When he becomes king, Prince Charles intends to reduce taxpayer funding to the Royal Family because it is “good for brand.”
PRINCE When Charles becomes King, he plans to slash taxpayer-funded royal funding, among other major changes, in what is being termed as a “pragmatic step.” Prince Charles, who became heir apparent when his mother became Queen in 1952, is already the longest-serving successor to the throne. Charles is anticipated to use Buckingham Palace as his headquarters when he becomes royal, as is customary. According to recent sources, Charles will make significant alterations to the living quarters upon his arrival, including possible adjustments to how members of the Royal Family would be paid with public funds.
Molly Mulshine and Christina Garibaldi, hosts of the Royally US podcast, discussed the move.
“It appears that this is the intention, that he’s going to open Buckingham Palace mostly to the public,” Ms Mulshine added.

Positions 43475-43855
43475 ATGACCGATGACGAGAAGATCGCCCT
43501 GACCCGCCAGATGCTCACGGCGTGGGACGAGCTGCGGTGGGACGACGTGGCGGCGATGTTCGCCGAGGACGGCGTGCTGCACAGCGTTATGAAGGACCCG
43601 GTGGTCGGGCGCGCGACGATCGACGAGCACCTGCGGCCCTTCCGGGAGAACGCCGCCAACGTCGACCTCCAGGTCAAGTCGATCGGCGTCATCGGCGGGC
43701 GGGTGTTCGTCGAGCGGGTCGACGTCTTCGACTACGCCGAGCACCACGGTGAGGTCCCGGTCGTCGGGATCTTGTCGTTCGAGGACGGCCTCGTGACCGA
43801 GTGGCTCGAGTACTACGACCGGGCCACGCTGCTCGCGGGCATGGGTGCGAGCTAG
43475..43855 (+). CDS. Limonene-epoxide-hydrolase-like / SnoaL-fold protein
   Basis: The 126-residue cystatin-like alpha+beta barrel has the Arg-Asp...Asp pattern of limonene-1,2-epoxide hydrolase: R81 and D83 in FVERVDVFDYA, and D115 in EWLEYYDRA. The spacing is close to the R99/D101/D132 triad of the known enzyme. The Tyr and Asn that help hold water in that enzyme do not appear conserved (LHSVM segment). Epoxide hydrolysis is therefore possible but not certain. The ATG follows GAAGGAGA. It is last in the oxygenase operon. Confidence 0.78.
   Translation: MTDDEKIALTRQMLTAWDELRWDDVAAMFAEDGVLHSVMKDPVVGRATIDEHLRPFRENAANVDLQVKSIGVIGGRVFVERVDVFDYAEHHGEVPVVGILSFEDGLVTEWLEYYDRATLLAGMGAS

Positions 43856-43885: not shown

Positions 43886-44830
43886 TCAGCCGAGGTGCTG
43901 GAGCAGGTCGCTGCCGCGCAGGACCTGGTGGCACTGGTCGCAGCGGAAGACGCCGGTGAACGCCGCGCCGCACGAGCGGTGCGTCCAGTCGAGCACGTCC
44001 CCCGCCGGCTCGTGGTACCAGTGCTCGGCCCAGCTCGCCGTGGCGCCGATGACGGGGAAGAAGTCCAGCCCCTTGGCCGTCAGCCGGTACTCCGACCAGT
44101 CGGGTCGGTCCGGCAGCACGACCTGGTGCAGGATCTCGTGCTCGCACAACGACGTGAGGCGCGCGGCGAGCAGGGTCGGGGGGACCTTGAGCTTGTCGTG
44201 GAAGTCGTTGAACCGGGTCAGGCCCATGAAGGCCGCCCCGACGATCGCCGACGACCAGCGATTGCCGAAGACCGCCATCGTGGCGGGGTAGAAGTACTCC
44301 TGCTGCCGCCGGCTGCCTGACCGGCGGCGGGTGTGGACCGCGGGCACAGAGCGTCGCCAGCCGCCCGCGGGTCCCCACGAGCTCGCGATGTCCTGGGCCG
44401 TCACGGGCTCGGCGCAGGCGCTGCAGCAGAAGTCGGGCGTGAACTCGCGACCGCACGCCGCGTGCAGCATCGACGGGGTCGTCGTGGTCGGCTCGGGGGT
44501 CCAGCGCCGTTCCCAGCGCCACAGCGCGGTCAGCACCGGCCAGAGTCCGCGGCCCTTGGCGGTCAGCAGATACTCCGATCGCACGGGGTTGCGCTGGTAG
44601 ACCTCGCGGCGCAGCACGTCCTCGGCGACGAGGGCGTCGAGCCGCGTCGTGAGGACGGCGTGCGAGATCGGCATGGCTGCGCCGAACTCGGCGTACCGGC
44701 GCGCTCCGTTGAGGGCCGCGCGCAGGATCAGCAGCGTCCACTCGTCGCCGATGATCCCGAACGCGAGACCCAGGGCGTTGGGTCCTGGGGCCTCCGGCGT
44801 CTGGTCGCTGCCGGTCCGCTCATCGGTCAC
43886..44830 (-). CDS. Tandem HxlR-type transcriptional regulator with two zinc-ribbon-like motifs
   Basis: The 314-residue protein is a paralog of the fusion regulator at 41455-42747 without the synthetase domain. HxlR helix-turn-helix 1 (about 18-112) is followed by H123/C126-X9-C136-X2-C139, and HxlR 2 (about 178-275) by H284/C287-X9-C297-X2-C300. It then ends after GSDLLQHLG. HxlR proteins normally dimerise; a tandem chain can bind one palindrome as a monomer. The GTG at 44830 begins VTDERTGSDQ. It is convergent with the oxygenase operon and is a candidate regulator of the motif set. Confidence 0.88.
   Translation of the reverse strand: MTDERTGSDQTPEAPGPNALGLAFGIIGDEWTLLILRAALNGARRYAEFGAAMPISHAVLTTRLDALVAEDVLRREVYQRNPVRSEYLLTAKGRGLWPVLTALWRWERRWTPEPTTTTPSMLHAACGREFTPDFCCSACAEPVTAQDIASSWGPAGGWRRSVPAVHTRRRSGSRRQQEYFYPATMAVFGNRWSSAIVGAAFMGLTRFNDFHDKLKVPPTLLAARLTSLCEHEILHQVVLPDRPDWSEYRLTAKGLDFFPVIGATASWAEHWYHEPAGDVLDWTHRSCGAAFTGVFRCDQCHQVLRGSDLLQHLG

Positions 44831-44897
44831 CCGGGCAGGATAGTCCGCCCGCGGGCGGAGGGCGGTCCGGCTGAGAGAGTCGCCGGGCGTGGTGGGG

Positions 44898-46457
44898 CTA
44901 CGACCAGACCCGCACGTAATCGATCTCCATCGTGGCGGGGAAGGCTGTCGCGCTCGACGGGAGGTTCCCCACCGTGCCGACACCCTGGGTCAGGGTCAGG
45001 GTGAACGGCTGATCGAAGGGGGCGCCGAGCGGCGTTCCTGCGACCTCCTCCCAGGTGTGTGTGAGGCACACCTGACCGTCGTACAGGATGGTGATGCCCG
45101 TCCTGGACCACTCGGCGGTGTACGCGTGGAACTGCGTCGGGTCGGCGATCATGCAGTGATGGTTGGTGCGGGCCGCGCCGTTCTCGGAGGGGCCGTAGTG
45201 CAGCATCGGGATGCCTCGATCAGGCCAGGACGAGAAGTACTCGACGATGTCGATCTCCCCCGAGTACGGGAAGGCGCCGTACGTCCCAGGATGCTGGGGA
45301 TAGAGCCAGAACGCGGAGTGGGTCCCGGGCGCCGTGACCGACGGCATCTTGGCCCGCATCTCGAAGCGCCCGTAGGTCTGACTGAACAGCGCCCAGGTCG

“According to sources, he will live in a flat above the shop.”
“I think this is fantastic; I believe this is what people would expect from him.”
“The Queen has her own kind of stardust and amazingness that everyone adores,” she continued.
“I think Charles can come in and be a bit more pragmatic, and win people over by saying, ‘We’re not going to spend all your tax money, we’re going to open things up to the public, it’s for you guys and us.'”
“I believe that being a little more equitable will be really beneficial to his brand.”
“I believe so, and I believe he’s also considering turning Balmoral into a museum, and Kate and William will move to Windsor to be closer,” Ms Garibaldi added.
“It appears that he is attempting to streamline the monarchy in order to make it more accessible to the general public.”
Charles’ plans could be in response to criticism the family has received in recent years.
From Prince Andrew’s involvement with Epstein to Harry and Meghan’s shocking accusations, the royal family has been through a lot and has been under a lot of scrutiny.
His “slimmed down monarchy” would also reduce the number of members paid by the taxpayer-funded Sovereign Grant.
Charles has also been very vocal about the climate crisis, which has made the news today.
In a frank interview with BBC environment editor Justin Rowlatt, the Prince stated that failing to take more ambitious action on climate change will have “catastrophic” consequences.
He is anticipated. “Brinkwire News Summary.”